Flanker James Haskell towered above his teammates
• England rugby star finishes four-month deal with Ricoh Black Rams
• Reckons skill, speed, commitment here as good as in Europe
• Amazed that up to 60,000 fans watch university matches
Japan may not have been designed for someone who stands 1.9m tall and weighs nearly 18 stone (114kg), but James Haskell says he is fitting in just fine.
Haskell arrived here in October 2011, shortly after England’s disappointing performance in the Rugby World Cup in New Zealand, but was intent on putting that experience behind him and performing well for his new Japanese club, the Ricoh Black Rams.
“I was only here a few months and this was my first time in Japan, but it was an incredible experience”, said 26-year-old Haskell, who is originally from Windsor, Berkshire, and earned his reputation as an aggressive flanker after joining London Wasps and then later Stade Français.
“I’m so glad that I took the opportunity to come and play in Japan, because changing cultures is enriching in the same way as playing in France was a valuable experience”, he explained.
He has also been pleasantly surprised at the level of skill and commitment that he encountered in the game here. “The skill level across the board has been better than that I saw in France, where there would often be 25 dropped balls during a training session”, he said. “That doesn’t happen here.
“The game is fast here, it is as fast and skillful as the European leagues, but the physicality is different”.
Haskell has also been pleasantly surprised by the popularity of rugby at university level, where as many as 60,000 people turned out to watch a match.
Development at that level, combined with coaching at the grass-roots of the game here, should see the national team making major strides by the time Japan hosts the World Cup in 2019, he said.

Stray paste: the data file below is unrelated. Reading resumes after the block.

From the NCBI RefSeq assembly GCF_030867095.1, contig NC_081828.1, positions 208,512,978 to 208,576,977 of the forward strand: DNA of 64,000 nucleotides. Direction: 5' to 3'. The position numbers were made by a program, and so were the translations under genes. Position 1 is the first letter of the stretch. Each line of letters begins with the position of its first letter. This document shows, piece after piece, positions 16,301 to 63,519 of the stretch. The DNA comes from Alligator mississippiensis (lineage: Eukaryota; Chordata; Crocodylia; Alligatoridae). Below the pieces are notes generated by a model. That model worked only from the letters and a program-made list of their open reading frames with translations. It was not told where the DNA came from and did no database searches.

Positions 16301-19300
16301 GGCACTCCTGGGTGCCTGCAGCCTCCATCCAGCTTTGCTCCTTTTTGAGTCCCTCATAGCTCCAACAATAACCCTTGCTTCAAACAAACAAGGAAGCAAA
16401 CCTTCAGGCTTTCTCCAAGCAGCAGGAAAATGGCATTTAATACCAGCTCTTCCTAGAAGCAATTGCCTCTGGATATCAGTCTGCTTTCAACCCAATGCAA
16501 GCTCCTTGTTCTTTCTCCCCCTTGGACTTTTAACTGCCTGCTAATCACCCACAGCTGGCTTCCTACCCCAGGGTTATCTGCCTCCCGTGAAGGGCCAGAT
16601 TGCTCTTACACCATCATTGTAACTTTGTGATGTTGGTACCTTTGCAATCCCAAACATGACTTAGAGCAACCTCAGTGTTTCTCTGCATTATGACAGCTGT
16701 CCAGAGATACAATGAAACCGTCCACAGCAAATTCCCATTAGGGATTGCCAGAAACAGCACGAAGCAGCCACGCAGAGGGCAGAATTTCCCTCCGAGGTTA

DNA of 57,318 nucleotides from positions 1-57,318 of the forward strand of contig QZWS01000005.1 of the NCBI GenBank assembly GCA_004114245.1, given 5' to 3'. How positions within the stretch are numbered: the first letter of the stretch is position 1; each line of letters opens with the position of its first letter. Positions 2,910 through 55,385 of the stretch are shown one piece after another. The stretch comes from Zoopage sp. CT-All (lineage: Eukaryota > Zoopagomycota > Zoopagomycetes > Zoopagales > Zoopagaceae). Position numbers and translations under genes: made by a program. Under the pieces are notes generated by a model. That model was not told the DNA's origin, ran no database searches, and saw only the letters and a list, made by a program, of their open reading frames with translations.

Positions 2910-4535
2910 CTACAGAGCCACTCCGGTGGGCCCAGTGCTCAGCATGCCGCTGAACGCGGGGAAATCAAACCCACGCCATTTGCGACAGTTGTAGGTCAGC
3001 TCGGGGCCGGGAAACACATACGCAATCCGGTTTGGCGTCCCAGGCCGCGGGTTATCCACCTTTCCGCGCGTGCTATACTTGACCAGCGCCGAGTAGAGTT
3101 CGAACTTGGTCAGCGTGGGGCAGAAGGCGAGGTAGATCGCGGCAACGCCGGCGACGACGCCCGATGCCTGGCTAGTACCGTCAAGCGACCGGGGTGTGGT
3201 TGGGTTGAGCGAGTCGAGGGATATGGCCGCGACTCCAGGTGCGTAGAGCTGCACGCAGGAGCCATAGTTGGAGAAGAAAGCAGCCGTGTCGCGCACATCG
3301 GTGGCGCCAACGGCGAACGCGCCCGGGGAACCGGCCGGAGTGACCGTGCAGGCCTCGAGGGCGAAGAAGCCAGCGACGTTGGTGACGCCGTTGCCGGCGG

Equally, Haskell hopes that having played in a completely different environment will help his abilities improve.
“I had to adapt my game to deal with the speed that is such a part of the sport here, so in that sense this was a good experience and I hope it will help me in the future”, he added.
Haskell started playing rugby as a boy for Maidenhead Rugby Club before signing with Wasps, where he was part of the club’s highly successful Colts set up. He went on to represent England at the Under-18, Under-19 and Under-21 levels, as well as play for the England Sevens.
He was called into the starting line-up for England in the last game of the 2007 Six Nations tournament against Wales at the Millennium Stadium in Cardiff, where he was part of a back row that was, for the first time in England’s history, all provided by one club.
Widely seen as the successor to Lawrence Dallaglio, due to similarities in their style of play, Haskell was more prominent in the England team for the Six Nations competition in the following year and played in both tests of the 2008 summer tour of New Zealand.
Selected by manager Martin Johnson for the 2008–09 Elite Player Squad, Haskell played all three internationals that autumn—starting against South Africa—and participated in every match of the 2009 Six Nations.
In February 2009, Haskell announced that he was joining Top 14 side Stade Français at the end of that season, while he went on to score two tries against Wales in the first match of the 2010 Six Nations. He announced that he would leave the French team at the end of the 2010–11 season and rejoin London Wasps for the start of the 2012–13 season.
Despite a hectic schedule that also included the small matter of the World Cup, Haskell opted to join the Black Rams for the four-month Japanese season and now plays for the New Zealand Highlanders in the Super 15 tournament before returning to London.
Haskell has played for England no fewer than 42 times, but says that, after the problems the team encountered in New Zealand, now is a good time to take a break from international rugby.
He diplomatically refuses to comment on a lot of the media coverage of what went on off the pitch, but is candid about the team’s performance when it mattered.
“We just didn’t perform as well as we should have done”, he said with a shrug. “I think it is a shame that Martin Johnson stepped down as I thought he was a good man, but change will be good for the team and new leaders will get the most out of England’s best players”.